German flag-carrier Lufthansa now says it could slash its flight schedule by as much as half in the coming weeks because the rapidly changing Coronavirus situation has led to a “drastic” decline in bookings. Yesterday, Lufthansa said it would cut capacity by around 25 per cent across the group which also includes Austrian Airlines, SWISS, Eurowings and Brussels Airlines.
Lufthansa also says it is considering temporarily decommissioning its Airbus A380’s because so few passengers are choosing to fly at the moment, although no final decision has yet been made. The airline has 14 of the superjumbos in its fleet which are based in Munich and Frankfurt.
A couple of days ago, Lufthansa made public plans to ground 150 aircraft – around 20 per cent of the 770 aircraft in the airline group’s fleet. This latest development, however, would suggest the airline will ground significantly more planes as the situation develops.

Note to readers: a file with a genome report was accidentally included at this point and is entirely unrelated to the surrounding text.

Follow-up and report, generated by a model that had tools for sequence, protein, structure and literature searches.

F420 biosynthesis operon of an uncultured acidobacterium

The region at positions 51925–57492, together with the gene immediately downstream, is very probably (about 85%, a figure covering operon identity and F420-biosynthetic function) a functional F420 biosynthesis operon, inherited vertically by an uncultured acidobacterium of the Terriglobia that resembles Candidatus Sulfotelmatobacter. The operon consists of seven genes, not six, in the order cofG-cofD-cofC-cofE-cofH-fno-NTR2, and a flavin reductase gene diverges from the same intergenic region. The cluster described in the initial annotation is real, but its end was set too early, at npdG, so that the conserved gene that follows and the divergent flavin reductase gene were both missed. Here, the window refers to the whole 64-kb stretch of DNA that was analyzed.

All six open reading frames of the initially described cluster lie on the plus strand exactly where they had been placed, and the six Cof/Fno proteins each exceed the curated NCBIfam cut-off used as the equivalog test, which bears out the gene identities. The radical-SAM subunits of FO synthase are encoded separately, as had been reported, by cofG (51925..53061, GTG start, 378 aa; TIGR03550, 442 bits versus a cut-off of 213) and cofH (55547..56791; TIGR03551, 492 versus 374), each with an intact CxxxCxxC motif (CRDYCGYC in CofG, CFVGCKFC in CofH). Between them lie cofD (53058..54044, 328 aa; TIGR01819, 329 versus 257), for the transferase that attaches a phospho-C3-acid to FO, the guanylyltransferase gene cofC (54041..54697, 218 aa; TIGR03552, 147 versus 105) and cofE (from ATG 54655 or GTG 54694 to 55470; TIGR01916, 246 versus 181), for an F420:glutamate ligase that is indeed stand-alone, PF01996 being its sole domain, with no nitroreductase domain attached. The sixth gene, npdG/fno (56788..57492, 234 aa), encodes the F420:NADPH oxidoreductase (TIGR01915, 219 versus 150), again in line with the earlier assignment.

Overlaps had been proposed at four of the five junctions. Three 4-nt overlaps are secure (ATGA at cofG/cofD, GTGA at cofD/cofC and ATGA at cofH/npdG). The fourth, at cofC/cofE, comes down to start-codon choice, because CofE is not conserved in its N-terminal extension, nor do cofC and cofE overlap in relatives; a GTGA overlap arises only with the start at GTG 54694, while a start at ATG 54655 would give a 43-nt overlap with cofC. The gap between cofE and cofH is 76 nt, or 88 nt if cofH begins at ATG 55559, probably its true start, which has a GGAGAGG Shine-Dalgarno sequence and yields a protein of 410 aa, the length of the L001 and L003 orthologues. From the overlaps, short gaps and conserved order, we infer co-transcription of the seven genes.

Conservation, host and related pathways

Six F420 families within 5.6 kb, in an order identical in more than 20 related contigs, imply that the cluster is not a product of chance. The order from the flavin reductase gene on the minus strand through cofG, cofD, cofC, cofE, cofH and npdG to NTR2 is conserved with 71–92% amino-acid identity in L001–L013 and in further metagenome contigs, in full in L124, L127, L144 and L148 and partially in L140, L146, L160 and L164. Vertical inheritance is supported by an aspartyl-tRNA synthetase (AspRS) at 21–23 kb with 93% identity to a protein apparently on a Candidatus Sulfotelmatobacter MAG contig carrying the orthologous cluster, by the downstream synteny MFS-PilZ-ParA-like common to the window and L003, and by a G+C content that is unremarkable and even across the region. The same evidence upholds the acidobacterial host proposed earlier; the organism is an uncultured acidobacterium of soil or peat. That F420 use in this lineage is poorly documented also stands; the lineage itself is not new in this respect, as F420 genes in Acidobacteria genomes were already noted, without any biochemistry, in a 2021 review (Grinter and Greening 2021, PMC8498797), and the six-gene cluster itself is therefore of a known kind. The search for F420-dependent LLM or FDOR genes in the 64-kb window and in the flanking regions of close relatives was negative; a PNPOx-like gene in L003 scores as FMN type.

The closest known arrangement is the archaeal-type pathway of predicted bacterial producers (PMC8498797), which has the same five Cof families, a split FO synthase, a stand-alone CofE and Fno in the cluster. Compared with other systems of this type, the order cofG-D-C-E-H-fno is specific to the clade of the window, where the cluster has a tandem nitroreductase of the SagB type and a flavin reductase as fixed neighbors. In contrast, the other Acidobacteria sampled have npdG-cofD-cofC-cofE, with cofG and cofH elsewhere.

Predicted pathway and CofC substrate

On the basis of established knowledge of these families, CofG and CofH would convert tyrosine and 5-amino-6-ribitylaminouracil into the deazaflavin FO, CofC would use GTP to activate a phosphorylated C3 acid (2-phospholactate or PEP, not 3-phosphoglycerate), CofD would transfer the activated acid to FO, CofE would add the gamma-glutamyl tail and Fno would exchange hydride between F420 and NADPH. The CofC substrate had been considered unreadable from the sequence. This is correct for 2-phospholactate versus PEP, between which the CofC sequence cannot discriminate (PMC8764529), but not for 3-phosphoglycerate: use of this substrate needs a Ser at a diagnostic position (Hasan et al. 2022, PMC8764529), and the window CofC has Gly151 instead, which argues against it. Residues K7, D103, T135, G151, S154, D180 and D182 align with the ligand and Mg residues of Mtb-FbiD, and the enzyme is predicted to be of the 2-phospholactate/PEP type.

Slashing capacity and grounding planes is an attempt to reduce the financial consequences from the slump in demand, explained a spokesperson for the carrier. The airline has already confirmed plans to put staff on unpaid leave and offer part-time working to more employees. A hiring freeze is currently in force and some newly hired staff have had their contracts revoked.
While Lufthansa says it’s far too early to “estimate the burden on earnings”, its hoping to save some costs on using less fuel, paying customers less and grounding unneeded planes.
Lufthansa previously reported 7,100 flight cancellations for the month of March but this number may now rise considerably. While capacity could be reduced by as much as 50 per cent, final decisions have not yet been made.
Mateusz Maszczynski honed his skills as an international flight attendant at the most prominent airline in the Middle East and has been flying throughout the COVID-19 pandemic for a well-known European airline. Matt is passionate about the aviation industry and has become an expert in passenger experience and human-centric stories. Always keeping an ear close to the ground, Matt's industry insights, analysis and news coverage is frequently relied upon by some of the biggest names in journalism.